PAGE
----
How Does Chris Paul Cut Through LA? Competitiveness

Kevin C. Cox - Getty Images

Part 2 of a series on Chris Paul. What makes him such a special player? How about his confidence? Great players tend to be supreme competitors, and Paul is no exception. He hates to lose so much that he does everything within his power to avoid it.

As part of the ad campaign for Jordan Brand's new CP3 VI shoe I've been asked to write a series of posts on Chris Paul. This is an assignment I am happy to do.

We've already examined Chris Paul's basketball IQ in this series. The second unique attribute of Paul as an NBA player is his competitiveness. All athletes are competitive, but there are a select few who stand out as particularly so. Michael Jordan was one of the greatest NBA players of all time in part because he was incredibly talented -- but he also had a competitive drive that pushed him to be the best, a compulsion that showed up whether he was playing basketball or golf or poker. The guy had to win.

Paul is another such player. Undersized for a big time basketball and not blessed with elite athleticism, Paul nonetheless has turned himself into one of the best players on the planet. He has continually pushed himself to get better because of his insatiable desire to compete.

The NBA is a star's league. Of the last 22 NBA Champions, 21 of them have prominently featured an NBA MVP on their roster. An amazing number of games every season come down to a possession or two at the end of the game, when defenses are focused and ready and the pressure is immense. For most of the team's history the Clippers have lacked a player to turn to in those situations.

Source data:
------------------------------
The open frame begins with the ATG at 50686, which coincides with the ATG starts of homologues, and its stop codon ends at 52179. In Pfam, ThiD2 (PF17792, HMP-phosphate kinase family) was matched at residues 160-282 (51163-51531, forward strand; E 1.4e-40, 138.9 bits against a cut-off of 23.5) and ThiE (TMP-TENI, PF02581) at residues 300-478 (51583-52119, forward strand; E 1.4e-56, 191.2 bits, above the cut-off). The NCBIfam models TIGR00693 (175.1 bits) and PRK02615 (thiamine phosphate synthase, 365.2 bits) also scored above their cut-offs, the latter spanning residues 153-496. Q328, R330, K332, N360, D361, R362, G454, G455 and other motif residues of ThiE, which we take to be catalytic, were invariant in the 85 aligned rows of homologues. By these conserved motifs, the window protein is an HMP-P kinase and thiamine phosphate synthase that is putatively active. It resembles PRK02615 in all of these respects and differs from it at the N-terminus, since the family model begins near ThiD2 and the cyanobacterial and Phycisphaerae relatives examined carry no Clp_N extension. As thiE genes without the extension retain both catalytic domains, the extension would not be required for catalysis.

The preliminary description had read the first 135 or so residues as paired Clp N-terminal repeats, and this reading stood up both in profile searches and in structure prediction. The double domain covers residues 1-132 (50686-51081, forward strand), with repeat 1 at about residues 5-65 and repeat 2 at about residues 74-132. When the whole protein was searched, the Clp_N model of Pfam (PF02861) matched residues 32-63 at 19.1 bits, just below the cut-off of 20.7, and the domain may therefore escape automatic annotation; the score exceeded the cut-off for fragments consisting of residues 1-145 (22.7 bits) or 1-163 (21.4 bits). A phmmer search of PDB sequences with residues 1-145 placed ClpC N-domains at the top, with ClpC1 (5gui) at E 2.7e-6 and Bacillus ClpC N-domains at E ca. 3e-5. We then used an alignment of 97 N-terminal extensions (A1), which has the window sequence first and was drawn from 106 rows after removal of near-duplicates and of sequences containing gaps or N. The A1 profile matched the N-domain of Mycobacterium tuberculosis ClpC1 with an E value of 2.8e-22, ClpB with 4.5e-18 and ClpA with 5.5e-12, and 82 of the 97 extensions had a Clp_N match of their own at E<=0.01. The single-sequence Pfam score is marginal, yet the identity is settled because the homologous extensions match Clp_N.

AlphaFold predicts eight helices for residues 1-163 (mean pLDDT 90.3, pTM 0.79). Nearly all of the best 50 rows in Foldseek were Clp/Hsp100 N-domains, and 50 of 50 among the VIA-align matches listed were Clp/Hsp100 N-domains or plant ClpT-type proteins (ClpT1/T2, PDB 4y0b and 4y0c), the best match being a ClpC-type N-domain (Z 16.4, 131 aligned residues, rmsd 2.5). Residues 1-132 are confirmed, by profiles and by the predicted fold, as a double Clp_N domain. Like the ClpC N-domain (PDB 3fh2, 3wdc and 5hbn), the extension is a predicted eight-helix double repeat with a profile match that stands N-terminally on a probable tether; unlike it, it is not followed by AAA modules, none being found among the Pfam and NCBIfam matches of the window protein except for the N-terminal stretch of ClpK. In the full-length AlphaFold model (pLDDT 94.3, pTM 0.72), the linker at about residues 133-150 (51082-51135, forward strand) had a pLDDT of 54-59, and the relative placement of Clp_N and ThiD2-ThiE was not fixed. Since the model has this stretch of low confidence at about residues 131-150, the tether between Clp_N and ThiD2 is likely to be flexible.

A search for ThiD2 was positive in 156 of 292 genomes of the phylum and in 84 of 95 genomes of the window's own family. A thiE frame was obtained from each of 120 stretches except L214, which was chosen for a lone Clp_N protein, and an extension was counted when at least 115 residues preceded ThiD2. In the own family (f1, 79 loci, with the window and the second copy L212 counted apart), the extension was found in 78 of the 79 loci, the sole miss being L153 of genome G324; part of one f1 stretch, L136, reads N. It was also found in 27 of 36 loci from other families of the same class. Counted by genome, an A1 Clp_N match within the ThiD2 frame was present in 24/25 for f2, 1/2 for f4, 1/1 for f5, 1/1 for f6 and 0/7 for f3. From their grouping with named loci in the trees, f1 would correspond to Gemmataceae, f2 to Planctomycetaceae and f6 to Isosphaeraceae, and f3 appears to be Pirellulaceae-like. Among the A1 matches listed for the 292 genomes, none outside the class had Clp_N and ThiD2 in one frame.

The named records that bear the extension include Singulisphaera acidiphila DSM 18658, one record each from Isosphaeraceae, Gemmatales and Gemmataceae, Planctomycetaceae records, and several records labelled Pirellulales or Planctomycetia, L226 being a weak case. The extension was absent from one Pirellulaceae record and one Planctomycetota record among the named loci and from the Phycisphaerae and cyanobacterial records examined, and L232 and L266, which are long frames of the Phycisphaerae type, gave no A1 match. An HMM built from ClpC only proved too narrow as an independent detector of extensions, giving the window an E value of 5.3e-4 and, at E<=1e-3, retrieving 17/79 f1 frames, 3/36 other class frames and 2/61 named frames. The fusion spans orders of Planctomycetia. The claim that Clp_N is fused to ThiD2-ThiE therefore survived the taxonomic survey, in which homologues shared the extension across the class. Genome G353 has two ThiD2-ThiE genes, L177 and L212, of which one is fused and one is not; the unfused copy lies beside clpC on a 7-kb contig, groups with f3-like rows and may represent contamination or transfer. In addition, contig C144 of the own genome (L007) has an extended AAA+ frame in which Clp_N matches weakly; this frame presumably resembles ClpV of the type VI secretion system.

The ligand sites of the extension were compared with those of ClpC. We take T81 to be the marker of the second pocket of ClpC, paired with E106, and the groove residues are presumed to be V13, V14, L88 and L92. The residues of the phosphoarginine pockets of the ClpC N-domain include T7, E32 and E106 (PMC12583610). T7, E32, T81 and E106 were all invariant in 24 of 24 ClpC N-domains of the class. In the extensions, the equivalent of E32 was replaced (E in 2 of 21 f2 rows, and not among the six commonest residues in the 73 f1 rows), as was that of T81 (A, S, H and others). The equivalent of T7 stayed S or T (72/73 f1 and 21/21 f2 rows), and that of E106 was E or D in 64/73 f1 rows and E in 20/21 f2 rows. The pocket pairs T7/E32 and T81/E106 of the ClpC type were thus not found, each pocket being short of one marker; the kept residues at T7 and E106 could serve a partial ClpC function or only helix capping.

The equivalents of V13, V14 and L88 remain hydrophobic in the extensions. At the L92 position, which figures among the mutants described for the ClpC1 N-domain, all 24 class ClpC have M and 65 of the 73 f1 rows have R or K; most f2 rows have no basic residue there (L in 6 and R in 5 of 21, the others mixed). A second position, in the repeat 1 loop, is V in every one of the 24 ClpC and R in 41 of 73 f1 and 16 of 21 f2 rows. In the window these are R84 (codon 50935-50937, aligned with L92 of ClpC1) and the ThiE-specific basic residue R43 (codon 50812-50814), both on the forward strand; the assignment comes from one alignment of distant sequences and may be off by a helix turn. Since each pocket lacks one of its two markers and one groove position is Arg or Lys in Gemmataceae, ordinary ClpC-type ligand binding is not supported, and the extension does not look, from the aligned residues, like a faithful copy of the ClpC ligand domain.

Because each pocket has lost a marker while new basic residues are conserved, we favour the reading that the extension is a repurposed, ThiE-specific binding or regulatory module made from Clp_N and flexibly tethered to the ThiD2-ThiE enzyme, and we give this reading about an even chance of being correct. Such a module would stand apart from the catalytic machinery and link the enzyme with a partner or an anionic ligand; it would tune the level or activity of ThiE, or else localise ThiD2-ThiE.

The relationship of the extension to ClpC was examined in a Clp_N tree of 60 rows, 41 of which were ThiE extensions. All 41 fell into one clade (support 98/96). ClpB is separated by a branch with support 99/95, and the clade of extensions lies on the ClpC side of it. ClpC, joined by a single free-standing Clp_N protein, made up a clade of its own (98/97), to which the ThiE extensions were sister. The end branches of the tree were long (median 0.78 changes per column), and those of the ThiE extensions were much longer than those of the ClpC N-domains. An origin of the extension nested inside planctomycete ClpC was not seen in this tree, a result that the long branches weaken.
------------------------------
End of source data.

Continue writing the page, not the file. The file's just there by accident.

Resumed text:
Once Paul joined the team, those issues became a thing of the past. There's absolutely no question who will have the ball for the Clippers with the game on the line. Paul's unparalleled competitiveness instills him with the confidence to thrive in those situations. He wants to win, he expects to win, and he's going to take personal responsibility for winning.

Time after time last season, with the game hanging in the balance, the Clippers went to Paul.

Against Philadelphia...

Against Portland....

Against Oklahoma City...

... just to name a few. He even made the free throws that completed the Clippers historic come-from-behind victory in Memphis in Game 1 of the playoffs.

At the press conference when Paul first joined the Clippers, he offered this description of himself:

"I don't just want to win; I need to win."

That relentless competitive spirit is certainly one of the things that makes him a unique NBA talent.

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